Canada continues to be the country of choice for those searching for a better, safer life. We’ve all read about the wonders of the Great White North – amazing natural resources, strong economy, and multicultural diversity – but is it all too good to be true? Let’s have a closer look at the pros and cons of living in Canada.
Cost of Living
The cost of living in Canada is significantly lower than in many parts of the western world. This is especially true when compared to Europe, many first-world nations, and perhaps even your home country if you consider that you’re likely to earn more in your field once up north.
While the cost of living is relatively low, it should be noted that this ultimately depends on which part of Canada you settle in. Salaries vary from province to province, city to city, and according to each industry. Toronto and Vancouver are the most expensive cities to live in, with Ottawa and Brampton ranked as two of the most affordable.
Canada’s status as having one of the best healthcare systems in the world is due to its universal healthcare program, Medicare. The Canadian government wants all its citizens to have equal access to quality healthcare, and a massive chunk of its Gross Domestic Product (GDP) goes to this.
As a newcomer, you’ll need to keep in mind that you’ll have to wait three months before having access to free healthcare. In other words, you’d have to take out your own medical aid to make sure you have medical cover during that period.
Another important point to be aware of is that universal healthcare will only cover medical issues. For example, you’ll have to pay for your dentistry and optometry needs.
Canadian Education system
There are many affordable options for colleges in Canada that make education cheaper than in, say, the United States (US). Be sure to look at the courses available at schools like the University of Saskatchewan, Memorial University of Newfoundland (MUN), and Brandon University. The Canadian Government, along with some universities, also offers scholarships to top-performing students.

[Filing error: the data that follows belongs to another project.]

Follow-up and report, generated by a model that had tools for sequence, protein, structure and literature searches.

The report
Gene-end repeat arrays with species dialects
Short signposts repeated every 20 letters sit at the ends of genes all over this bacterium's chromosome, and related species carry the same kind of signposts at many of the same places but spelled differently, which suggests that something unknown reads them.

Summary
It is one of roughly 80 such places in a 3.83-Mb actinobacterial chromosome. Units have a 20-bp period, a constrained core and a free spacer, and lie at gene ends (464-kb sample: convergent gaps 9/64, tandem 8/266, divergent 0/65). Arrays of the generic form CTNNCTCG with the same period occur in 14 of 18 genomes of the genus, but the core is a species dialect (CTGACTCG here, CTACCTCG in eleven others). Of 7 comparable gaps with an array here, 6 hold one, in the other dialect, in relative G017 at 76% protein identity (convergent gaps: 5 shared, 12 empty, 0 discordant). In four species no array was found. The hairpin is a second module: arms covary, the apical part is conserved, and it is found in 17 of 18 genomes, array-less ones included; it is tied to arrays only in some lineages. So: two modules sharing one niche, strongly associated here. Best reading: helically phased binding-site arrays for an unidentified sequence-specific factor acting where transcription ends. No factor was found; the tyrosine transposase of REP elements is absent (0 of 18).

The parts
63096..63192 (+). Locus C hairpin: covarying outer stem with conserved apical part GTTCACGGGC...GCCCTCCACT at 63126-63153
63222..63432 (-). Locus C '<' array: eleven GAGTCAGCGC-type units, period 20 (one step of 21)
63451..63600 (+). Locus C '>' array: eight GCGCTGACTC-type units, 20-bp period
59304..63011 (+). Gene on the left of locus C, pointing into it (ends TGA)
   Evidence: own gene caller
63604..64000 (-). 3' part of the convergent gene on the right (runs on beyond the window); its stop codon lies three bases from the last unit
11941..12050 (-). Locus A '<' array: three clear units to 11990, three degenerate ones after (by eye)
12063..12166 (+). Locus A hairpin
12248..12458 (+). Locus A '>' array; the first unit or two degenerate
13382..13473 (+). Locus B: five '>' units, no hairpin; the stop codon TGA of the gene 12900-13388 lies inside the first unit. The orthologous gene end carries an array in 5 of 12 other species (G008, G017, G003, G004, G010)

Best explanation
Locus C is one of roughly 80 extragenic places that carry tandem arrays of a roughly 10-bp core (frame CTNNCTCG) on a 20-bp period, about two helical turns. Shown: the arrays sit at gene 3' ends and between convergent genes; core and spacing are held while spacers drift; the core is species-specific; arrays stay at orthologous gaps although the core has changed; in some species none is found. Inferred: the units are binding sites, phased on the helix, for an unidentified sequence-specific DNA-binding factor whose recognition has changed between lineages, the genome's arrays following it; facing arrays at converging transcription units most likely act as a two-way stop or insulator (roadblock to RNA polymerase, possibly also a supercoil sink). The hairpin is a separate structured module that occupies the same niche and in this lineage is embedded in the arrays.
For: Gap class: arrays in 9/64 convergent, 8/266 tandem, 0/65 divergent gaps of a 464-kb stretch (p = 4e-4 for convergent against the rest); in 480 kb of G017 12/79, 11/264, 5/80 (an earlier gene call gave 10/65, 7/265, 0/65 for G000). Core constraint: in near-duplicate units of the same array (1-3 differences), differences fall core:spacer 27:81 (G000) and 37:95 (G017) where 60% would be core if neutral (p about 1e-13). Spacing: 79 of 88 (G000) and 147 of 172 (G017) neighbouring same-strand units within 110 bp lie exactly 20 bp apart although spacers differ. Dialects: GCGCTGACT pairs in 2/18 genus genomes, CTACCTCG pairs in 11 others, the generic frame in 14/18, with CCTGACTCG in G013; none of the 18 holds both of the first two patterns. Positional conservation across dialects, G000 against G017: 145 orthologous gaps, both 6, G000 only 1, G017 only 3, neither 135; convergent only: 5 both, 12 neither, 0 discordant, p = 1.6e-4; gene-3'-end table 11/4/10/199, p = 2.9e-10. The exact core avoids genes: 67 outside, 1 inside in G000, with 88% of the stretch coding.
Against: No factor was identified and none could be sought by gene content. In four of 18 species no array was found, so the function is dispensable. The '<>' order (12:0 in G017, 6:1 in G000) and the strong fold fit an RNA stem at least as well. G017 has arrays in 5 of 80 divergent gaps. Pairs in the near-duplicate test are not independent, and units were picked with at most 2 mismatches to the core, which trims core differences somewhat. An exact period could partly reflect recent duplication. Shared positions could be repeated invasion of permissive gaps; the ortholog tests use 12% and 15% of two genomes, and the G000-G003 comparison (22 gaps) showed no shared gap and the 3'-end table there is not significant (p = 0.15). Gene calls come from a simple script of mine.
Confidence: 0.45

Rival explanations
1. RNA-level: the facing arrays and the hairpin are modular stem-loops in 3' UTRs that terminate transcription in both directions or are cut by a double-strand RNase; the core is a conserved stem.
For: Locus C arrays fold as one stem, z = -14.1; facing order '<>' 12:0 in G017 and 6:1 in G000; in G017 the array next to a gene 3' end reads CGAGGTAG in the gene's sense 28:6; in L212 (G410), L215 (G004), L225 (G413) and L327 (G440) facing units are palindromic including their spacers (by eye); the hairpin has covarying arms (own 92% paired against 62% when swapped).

While getting an education at a university in Canada can cost less than in the United Kingdom or the US, it can still be a costly affair, depending on the institution or course you choose and even the city you’re in. So, if you’re looking to enroll in a medicine, engineering, or social science program, prepare to pay top dollar.
If you’re from a tropical or desert region, the chances are that you’ll be looking forward to experiencing the Great White North in all its splendor. Think winter wonderland, building that snowman and ice skating on your local lake. On top of this, you’ll finally be able to sport some coats and boots.
The icy weather is not for everyone. You’ll have to learn to layer up before leaving home, get used to heavy snowfall, and install a weather app to get notifications for days when conditions are extreme. That said, you will also get a chance to build some muscle while shoveling snow. On the other hand, the Canadian summer can be pretty humid in certain areas.
Once you’re settled up north, you’ll want to explore its expansive wilderness, along with other destinations and cultural attractions. From Banff National Park to the Rocky Mountains and Niagara Falls, to the foodie scene in Vancouver and beautiful architectural structures in Quebec – you won’t ever get the chance to become bored.
Venturing around the country may break the bank. Domestic flights can be pretty expensive. In fact, it’s believed to cost less to fly to the states than to another Canadian province.
Since you’re setting out to build a better life for yourself and your family, be sure to do your research to make informed decisions regarding living in Canada. The cost of living is probably the most crucial aspect to consider to ensure comfort in your new home country. Be mindful of where you decide to settle. You can learn more about the cost of living in Canada on this page.
Because it is considered one of the top countries to immigrate to, it is likely that there are more pros than cons after close inspection.
Let us help you with a visa eligibility assessment and guide you toward making the best possible decisions for your new life in Canada. Visit CanadianVisa.org to get more information and to start your new journey.